Sports in Arizona Article

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Sports in Arizona includes professional sports teams, college sports, and individual sports. All four major league sports teams in Arizona are based in the Phoenix metropolitan area.

Professional sports teams

Professional sports teams in Arizona include four major league sports teams, plus minor league and semi-pro teams:

Club Sport League Founded Championships
Arizona Cardinals American football National Football League 1898 1 ( 1947*)
Phoenix Suns Basketball National Basketball Association 1968 0
Arizona Diamondbacks Baseball Major League Baseball 1998 1 ( 2001)
Arizona Coyotes Ice hockey National Hockey League 1996 0
Arizona Rattlers Indoor football Indoor Football League 1992 6 ( 1994, 1997, 2012, 2013, 2014, 2017)
Phoenix Mercury Basketball Women's National Basketball Association 1997 3 ( 2007, 2009, 2014)
Phoenix Rising FC Soccer United Soccer League 2014 0
FC Arizona Soccer National Premier Soccer League 2016 0
Tucson Roadrunners Ice hockey American Hockey League 2016 0
Tucson Saguaros Baseball Pecos League 2016 1 (2016)
Northern Arizona Suns Basketball NBA G League 2016 1

College sports

With three state universities and one private university in NCAA Division I, and several community colleges, college sports are also prevalent in Arizona. The intense rivalry between Arizona State University and the University of Arizona predates Arizona's statehood, and is one of the oldest rivalries in the NCAA. [1] The thus aptly named Territorial Cup, first awarded in 1889 and certified as the oldest trophy in college football, [2] is awarded to the winner of the "Duel in the Desert", the annual football game between the two schools. Both UA and ASU are members of the Pac-12 Conference, one of the so-called Power Five conferences in Division I FBS, the top tier of U.S. college football.

The other two Division I members in Arizona are Northern Arizona University in Flagstaff, which plays football in the second-level Division I FCS, and Grand Canyon University in Phoenix, a private school that does not sponsor football.

Arizona also hosts several college football bowl games. The Fiesta Bowl, originally held at Sun Devil Stadium, is now held at University of Phoenix Stadium in Glendale. The Fiesta Bowl has been part of the College Football Playoff (CFP) since its creation for the 2014 season, and is paired with the Peach Bowl in Atlanta as rotating hosts of CFP semifinals. The Fiesta Bowl hosted a CFP semifinal in 2016, and will next host a semifinal in the 2019 season. University of Phoenix Stadium was also home to the 2007 and 2011 BCS National Championship Games and hosted Super Bowl XLII on February 3, 2008. It hosted the state's first Pro Bowl on January 25, 2015, Super Bowl XLIX on February 1, 2015, and the College Football Playoff National Championship on January 11, 2016. The stadium also hosted the Final Four of the 2017 NCAA Division I Men's Basketball Tournament and 2024 NCAA Division I Men's Basketball Tournament. The Cactus Bowl is currently played in Phoenix at Chase Field. It was first held at Arizona Stadium at the UA campus in Tucson, then moved to Chase Field when it was known as Bank One Ballpark, and then to Sun Devil Stadium before returning to Chase Field in 2015.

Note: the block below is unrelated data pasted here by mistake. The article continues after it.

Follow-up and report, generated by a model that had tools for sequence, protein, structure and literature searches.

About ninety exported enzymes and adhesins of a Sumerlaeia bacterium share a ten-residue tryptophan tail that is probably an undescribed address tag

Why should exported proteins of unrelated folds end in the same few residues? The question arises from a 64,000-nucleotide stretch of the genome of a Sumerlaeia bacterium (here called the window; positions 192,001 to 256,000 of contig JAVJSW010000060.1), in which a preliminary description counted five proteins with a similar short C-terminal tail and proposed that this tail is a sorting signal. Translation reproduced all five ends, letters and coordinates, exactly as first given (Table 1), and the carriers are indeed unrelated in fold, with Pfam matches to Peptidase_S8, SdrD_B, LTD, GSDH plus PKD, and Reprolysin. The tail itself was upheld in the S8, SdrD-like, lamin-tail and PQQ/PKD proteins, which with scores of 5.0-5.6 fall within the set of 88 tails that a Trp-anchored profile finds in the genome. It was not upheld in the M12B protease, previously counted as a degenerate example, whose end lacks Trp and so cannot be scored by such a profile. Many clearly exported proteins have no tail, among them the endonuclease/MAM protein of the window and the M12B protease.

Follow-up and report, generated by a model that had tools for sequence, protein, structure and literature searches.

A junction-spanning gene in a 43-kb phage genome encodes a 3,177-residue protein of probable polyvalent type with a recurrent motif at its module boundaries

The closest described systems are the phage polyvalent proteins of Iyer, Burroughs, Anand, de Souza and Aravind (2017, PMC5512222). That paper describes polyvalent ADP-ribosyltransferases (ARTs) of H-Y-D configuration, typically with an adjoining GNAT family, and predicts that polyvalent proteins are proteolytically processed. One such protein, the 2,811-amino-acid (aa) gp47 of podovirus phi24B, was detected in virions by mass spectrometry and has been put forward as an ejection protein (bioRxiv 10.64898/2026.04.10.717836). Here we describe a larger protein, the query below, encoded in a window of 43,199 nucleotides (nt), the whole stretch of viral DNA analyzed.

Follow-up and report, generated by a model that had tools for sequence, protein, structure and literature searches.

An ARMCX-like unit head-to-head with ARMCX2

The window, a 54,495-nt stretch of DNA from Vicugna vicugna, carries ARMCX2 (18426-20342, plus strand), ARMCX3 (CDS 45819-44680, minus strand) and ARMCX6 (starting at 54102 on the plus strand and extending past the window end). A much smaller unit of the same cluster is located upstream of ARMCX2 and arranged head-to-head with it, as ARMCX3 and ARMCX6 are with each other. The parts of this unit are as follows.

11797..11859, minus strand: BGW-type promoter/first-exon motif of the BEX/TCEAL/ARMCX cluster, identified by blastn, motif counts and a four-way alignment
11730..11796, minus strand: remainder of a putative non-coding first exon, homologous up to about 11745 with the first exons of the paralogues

Individual sports

Due to its numerous golf courses, Arizona is home to several stops on the PGA Tour, most notably the Phoenix Open, held at the TPC of Scottsdale, and the WGC-Accenture Match Play Championship at the Ritz-Carlton Golf Club in Marana.

Auto racing is another sport known in the state. Phoenix International Raceway in Avondale is home to NASCAR race weekends twice a year. Firebird International Raceway near Chandler is home to drag racing, off-road racing and other motorsport events.

Baseball

A spring training game between the two Chicago teams, the Cubs and the White Sox, at HoHoKam Park in Mesa.

Arizona is a popular location for Major League Baseball spring training, as it is the site of the Cactus League. The only other location for spring training is in Florida with the Grapefruit League. The Los Angeles Dodgers have a new spring training facility in Phoenix owned by Glendale which opened in 2009, making them the 14th team in Arizona. Spring training has been somewhat of a tradition in Arizona since 1947 (i.e. the Cleveland Indians in Tucson until 1991, and the San Diego Padres in Yuma until 1992) despite the fact that the state did not have its own major league team until the state was awarded the Diamondbacks in Phoenix as an expansion team. The state hosts the following teams:

Besides being home to spring training, Arizona is also home to the Arizona Fall League. The Fall League was founded in 1992 and is a minor league baseball league designed for players to refine their skills and perform in game settings in front of major and minor league baseball scouts and team executives, who are in attendance at almost every game. The league got exposure when Michael Jordan started his time in baseball with the Scottsdale Scorpions.

See also

References

  1. ^ Knauer, Tom (November 22, 2006). "What is the Territorial Cup?". The Wildcat Online. Archived from the original on October 8, 2008. Retrieved April 2, 2007.
  2. ^ Official 2007 NCAA Division I Football Records Book (PDF). National Collegiate Athletic Association. 2007. Archived from the original (PDF) on June 25, 2008.

External links